Dividing the 90-minutes seminar into three periods, I summarized the stats after that seminar for colleagues in the recruitment committee as follows:

  • There was a total of 40 questions, meaning more than one interruption every other minute within the 75-minute period after the 15-minute moratorium.
  • Of these 35 came from men and 5 from women
  • My rough estimate of men/women in the room is about 1 to 2 (16 women and 32 men).
  • That’s about 1.1 questions per man and 0.3 per woman, but my guess is that most men (about two thirds) asked no questions. Same with women…

Turns out, of course, that this phenomenon has been observed in the wild before. A colleague sent this article from the Economist after I shared the stats, highlighting the following sentences from it:

"Men, however, were over 2.5 times more likely to pose questions to the speakers—an action that may be viewed (rightly or wrongly) as a sign of greater competence.

This male skew in question-asking was observable, however, only in those seminars in which a man asked the first question. When a woman did so, the gender split in question-asking was, on average, proportional to that of the audience.”

Pretty similar to our setting re: the male skew. And, again of course, this skew is not limited to econ seminars. Just this past Friday, The Letters Editors of the New York Times announced that women account for only a quarter to third of letter-to-the-editor submissions and that they want to change that (see the bottom of the page).

Intrigued by the fact that (a) there had seemingly been so many questions, but perhaps worse (b) men were more than three times more likely to ask questions, I decided to collect more data from the same seminar series. After all, this was only one seminar – was it really always like this? Here are the stats from the next two seminars, during which I collected the same data:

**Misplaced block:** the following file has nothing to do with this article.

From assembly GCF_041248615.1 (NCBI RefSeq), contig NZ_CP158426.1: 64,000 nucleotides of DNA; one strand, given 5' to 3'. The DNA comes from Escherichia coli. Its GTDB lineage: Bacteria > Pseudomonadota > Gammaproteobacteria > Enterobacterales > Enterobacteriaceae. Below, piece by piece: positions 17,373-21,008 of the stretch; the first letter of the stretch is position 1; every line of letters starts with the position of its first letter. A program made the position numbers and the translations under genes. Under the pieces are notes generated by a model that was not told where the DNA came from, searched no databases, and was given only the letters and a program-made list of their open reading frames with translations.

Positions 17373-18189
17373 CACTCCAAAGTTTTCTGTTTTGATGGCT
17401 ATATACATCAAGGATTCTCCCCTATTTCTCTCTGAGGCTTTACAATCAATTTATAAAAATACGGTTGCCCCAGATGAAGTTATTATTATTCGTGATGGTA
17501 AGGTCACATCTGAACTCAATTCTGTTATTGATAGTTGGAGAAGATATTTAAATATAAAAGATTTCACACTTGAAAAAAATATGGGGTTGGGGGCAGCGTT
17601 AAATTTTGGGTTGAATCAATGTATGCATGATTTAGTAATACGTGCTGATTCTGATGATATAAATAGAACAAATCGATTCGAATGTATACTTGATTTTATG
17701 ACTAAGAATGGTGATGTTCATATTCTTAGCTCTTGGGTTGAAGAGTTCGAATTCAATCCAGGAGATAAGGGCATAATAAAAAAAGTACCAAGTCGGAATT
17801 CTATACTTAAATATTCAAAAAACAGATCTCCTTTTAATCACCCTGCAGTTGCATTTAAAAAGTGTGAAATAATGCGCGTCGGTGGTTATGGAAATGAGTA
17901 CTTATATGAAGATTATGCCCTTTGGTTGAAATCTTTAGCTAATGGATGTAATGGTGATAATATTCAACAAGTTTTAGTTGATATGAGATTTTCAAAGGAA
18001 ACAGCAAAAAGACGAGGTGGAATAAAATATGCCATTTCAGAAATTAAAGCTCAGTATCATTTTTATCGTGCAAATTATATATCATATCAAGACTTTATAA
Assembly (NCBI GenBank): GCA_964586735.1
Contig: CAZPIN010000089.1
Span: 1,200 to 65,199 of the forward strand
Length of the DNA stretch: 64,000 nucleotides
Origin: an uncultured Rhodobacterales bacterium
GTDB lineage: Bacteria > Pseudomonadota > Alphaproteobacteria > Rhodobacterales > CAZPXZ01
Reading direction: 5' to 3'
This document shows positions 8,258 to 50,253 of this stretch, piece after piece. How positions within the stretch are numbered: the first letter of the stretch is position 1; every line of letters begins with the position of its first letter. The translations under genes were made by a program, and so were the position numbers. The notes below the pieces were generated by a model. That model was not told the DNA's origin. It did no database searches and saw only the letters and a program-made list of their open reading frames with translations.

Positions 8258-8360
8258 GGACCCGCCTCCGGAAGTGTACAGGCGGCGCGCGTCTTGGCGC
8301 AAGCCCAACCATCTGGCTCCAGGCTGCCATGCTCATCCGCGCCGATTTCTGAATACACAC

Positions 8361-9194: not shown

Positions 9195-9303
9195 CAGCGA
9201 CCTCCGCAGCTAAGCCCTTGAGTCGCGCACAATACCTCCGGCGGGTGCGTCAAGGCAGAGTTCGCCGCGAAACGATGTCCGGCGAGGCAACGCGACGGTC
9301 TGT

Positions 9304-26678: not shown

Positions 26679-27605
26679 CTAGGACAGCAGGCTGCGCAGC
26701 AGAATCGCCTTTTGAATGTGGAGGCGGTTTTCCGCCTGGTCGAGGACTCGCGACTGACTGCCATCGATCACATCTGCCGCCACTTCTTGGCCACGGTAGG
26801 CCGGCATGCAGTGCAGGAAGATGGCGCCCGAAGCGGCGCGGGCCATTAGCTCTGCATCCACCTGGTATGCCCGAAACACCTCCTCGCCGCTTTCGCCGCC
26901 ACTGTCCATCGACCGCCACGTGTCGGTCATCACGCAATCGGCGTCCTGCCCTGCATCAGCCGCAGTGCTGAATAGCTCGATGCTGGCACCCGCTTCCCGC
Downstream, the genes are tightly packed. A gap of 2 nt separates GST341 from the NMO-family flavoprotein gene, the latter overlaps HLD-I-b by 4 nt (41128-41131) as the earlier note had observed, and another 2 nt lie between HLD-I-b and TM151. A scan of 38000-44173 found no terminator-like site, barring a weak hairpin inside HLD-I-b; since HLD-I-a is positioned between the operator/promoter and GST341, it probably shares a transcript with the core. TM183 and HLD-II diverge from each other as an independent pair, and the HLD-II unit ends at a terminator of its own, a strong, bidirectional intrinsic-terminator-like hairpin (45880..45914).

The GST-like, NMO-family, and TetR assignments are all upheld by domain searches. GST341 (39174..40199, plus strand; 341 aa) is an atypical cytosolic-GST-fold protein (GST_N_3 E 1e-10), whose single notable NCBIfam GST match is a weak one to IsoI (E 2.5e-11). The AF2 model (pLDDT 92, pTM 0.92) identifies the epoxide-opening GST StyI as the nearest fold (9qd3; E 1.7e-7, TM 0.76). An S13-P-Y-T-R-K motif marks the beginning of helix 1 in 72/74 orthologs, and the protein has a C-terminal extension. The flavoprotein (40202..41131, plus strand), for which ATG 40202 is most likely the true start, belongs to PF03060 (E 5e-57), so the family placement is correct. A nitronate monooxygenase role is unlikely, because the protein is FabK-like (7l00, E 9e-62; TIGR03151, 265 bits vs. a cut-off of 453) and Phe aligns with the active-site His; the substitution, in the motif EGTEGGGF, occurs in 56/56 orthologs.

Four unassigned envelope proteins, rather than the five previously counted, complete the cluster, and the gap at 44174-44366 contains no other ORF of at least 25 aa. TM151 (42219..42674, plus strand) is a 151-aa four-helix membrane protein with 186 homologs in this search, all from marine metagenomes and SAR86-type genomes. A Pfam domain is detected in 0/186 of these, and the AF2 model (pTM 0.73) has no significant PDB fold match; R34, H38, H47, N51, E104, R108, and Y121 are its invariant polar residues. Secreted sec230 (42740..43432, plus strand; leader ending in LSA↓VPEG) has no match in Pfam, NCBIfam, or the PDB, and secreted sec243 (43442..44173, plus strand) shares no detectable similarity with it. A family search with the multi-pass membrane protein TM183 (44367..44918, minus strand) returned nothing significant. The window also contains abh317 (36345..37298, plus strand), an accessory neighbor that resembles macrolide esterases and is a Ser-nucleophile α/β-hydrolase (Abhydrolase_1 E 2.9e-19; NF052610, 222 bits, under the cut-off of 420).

Seminar 2:

12:39-13:00: MMMFfMFFMmmMMFMMMM (5 F 13 M)
13:00-13:30: MmFfMmmMmMMmFMFMMFMmMmM (5 F 18 M)
13:30-14:00: MmMMMMFFMFMFMmMmMMmmFf (6F 16 M)

16 questions by women 47 by men, for a total of 63 questions. Seems less skewed, but the gender distribution was also more balanced that day, making the odds more or less as skewed as Seminar 1. A colleague noted that the likelihood of men asking follow-up questions is even more skewed – consistent with the hypothesis that men are more likely to enjoy the sound of their own voices. Notice the significantly higher number of questions and follow-ups…

Seminar 3:

12:45-13:00 – MmMmMmmMmMMMMMFMm (16 M 1 F)
13:00-13:30 -  MMMMmFMmMMMmMM (13 M 1 F)
13:30-14:00 – MMMFfMmMm (7 M 2 F)

36 questions by men and only 4 by women in a room where the male/female ratio was about 2/1.

All in all, very consistent across the board. And, once you see this, it is impossible to unsee. So, what, if anything, should we be doing about this? The climate, I think, is right for culture change right now: I work in a research department, which, after years of status quo, has recently made a conscious effort to diversify its hiring, has a Lecture Series which features all women speakers, and in an institution that has been making strides to reach gender balance in its ranks, including senior management positions.